Mercury Bioaccumulation in Fish in New York's Streams and Rivers

Science Center Objects

Background Although New York State has more than 70,000 miles of streams and rivers, little is known about the status, distribution, and trends of mercury (Hg) levels in stream fish, or the environmental drivers of these patterns. Streams and their riparian zones provide critical habitat for fish, birds, mammals, reptiles and amphibians, and serve as the interface between aquatic and terr...

Background
 
Although New York State has more than 70,000 miles of streams and rivers, little is known about the status, distribution, and trends of mercury (Hg) levels in stream fish, or the environmental drivers of these patterns. Streams and their riparian zones provide critical habitat for fish, birds, mammals, reptiles and amphibians, and serve as the interface between aquatic and terrestrial Hg transfer, transformations (most notably methylation) and bioaccumulation. Importantly, monitoring data from lakes (e.g., Simonin et al. 2006) does not transfer reliably to streams because of fundamental differences in Hg cycling and bioaccumulation processes. An assessment of fish Hg bioaccumulation focused on New York’s streams and rivers will provide information necessary to address human and wildlife Hg exposure, comprehensively monitor Hg bioaccumulation trends, understand the efficacy of Hg emissions policies, and assess the effects of regional, national, and global emissions on Hg-sensitive habitats.

 
Objectives
 
This 3-year project is being conducted by the USGS in cooperation with the New York State Energy Research and Development Authority (NYSERDA). The project’s overall goal is to characterize and improve the understanding of Hg bioaccumulation in fish of New York’s streams, and to develop models of tissue concentration to inform the cost-effective monitoring and prediction of Hg-sensitive settings. Project scientists will compile and analyze existing data, and will collect new data from selected streams, to assess fish Hg spatial patterns and trends for streams and rivers across New York State, and to produce an Hg-sensitivity model for the Adirondack region (an area which is known to be particularly sensitive to Hg deposition). This study has the following two major components:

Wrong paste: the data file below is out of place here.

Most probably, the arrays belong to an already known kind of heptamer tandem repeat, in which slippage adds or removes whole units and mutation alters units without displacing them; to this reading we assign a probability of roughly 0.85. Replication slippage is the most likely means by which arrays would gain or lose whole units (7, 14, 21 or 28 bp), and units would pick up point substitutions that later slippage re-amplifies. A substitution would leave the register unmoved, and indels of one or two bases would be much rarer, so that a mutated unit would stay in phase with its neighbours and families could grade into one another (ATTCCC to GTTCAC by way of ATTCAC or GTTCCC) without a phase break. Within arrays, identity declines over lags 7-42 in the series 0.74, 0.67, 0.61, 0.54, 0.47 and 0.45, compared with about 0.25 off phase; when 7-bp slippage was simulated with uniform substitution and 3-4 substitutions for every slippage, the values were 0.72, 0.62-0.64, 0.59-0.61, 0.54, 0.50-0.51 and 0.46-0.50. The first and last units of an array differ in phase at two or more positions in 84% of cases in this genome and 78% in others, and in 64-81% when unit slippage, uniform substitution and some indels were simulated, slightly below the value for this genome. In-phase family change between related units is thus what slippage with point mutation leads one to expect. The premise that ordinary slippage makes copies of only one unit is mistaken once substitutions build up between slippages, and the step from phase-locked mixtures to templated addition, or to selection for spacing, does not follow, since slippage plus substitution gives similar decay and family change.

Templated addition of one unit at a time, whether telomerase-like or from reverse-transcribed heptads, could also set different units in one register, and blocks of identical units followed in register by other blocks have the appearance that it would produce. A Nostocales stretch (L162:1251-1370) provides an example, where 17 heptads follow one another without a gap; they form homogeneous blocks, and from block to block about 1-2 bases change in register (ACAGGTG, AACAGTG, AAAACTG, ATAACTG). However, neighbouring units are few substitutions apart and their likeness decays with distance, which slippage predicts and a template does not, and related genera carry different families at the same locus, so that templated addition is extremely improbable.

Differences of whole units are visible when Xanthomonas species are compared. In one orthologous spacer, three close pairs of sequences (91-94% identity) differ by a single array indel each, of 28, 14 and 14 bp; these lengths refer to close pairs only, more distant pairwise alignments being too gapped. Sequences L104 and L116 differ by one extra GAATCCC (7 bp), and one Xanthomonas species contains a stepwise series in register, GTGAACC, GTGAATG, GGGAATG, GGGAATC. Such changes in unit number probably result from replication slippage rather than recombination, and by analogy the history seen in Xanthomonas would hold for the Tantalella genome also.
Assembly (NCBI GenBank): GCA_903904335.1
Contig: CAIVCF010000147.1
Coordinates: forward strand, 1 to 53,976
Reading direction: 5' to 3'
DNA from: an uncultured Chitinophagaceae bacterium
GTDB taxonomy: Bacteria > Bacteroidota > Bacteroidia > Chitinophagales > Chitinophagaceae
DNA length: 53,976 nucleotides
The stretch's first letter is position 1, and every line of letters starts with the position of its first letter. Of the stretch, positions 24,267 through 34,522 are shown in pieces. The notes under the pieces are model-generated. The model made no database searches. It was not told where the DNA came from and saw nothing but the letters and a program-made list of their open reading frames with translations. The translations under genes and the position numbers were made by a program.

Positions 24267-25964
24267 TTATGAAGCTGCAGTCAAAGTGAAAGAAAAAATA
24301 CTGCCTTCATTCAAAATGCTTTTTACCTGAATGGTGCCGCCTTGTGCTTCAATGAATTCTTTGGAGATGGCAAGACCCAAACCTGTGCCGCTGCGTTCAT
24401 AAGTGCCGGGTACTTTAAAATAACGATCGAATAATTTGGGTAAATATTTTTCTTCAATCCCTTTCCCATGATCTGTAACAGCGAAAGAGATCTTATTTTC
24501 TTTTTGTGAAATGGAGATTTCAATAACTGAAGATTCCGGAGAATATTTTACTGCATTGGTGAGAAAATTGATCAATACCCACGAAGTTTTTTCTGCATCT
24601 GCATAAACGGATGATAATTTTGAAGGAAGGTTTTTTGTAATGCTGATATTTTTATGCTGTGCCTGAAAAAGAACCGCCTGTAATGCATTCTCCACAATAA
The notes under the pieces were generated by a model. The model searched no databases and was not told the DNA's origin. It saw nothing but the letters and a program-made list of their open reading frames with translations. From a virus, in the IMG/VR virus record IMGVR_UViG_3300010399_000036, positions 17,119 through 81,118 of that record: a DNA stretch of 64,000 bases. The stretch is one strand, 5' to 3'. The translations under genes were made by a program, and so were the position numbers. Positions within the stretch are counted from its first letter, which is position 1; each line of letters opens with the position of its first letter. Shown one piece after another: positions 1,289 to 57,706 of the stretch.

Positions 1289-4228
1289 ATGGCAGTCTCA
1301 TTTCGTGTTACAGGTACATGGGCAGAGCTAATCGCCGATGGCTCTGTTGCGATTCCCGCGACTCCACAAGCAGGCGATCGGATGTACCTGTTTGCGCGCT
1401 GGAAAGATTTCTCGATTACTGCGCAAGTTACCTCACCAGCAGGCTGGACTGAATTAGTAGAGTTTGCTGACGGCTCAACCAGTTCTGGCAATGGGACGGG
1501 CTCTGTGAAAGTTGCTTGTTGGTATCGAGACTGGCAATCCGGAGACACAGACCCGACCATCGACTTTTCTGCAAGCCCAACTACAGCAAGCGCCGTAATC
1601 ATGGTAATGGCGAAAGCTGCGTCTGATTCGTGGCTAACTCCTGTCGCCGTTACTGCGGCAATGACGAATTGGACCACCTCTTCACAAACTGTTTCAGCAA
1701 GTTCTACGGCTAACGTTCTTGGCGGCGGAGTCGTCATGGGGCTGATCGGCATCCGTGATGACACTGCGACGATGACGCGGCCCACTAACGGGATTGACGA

• Compile and synthesize existing Statewide Hg data (biota and water) to describe spatial patterns and trends, and develop models of Hg sensitivity (i.e., prone to Hg methylation) that use readily obtained environmental characteristics, and identify optimal monitoring strategies (e.g., sites, frequency) based on these results. 
  • Develop and test a Hg-sensitivity model for Adirondack streams, and explore the use of specific ultraviolet light absorbance as an efficient screening tool, by analyzing existing stream chemistry data from 400 sites sampled in the Western Adirondack and East Central Adirondack stream surveys (Lawrence et al. 2008, NYSERDA, 2012), and by collecting and analyzing fish Hg data and stream water quality from a subset of sites. 

Publications

NYSERDA. 2016. “Mercury in Fish and Macroinvertebrates from New York’s Streams and Rivers: A Compendium of Data Sources,” NYSERDA Report 16-07. Prepared by Karen Riva-Murray and Douglas A. Burns of U.S. Geological Survey, New York Water Science Center. http://www.nyserda.ny.gov/-/media/Files/Publications/Research/Environmental/16-07-Mercury-Fish-Macroinvertebrates-NY-Streams-Rivers.pdf

References

Lawrence, G.B., Baldigo, B.P., Roy, K.M., Simonin, H.W., Bode, R.W., Passy, S.I., Capone, S.B., 2008. Results from the 2003-2005 Western Adirondack Stream Survey. New York State Energy Research and Development Authority Report 08-22. Albany, NY. 141p. 

NYSERDA, 2012. Assessment of long-term monitoring of nitrogen, sulfur, and mercury deposition and environmental effects in New York State. New York State Energy Research and Development Authority Report 12-21. Albany, NY. 152pp. 

Simonin, H.A., Loukmas, J.J., Skinner, L.C., Roy, K.M., 2006. Lake variability: Key factors controlling mercury concentrations in New York State fish. Environmental Pollution 154:107-115.

Project Location
by County

NY Statewide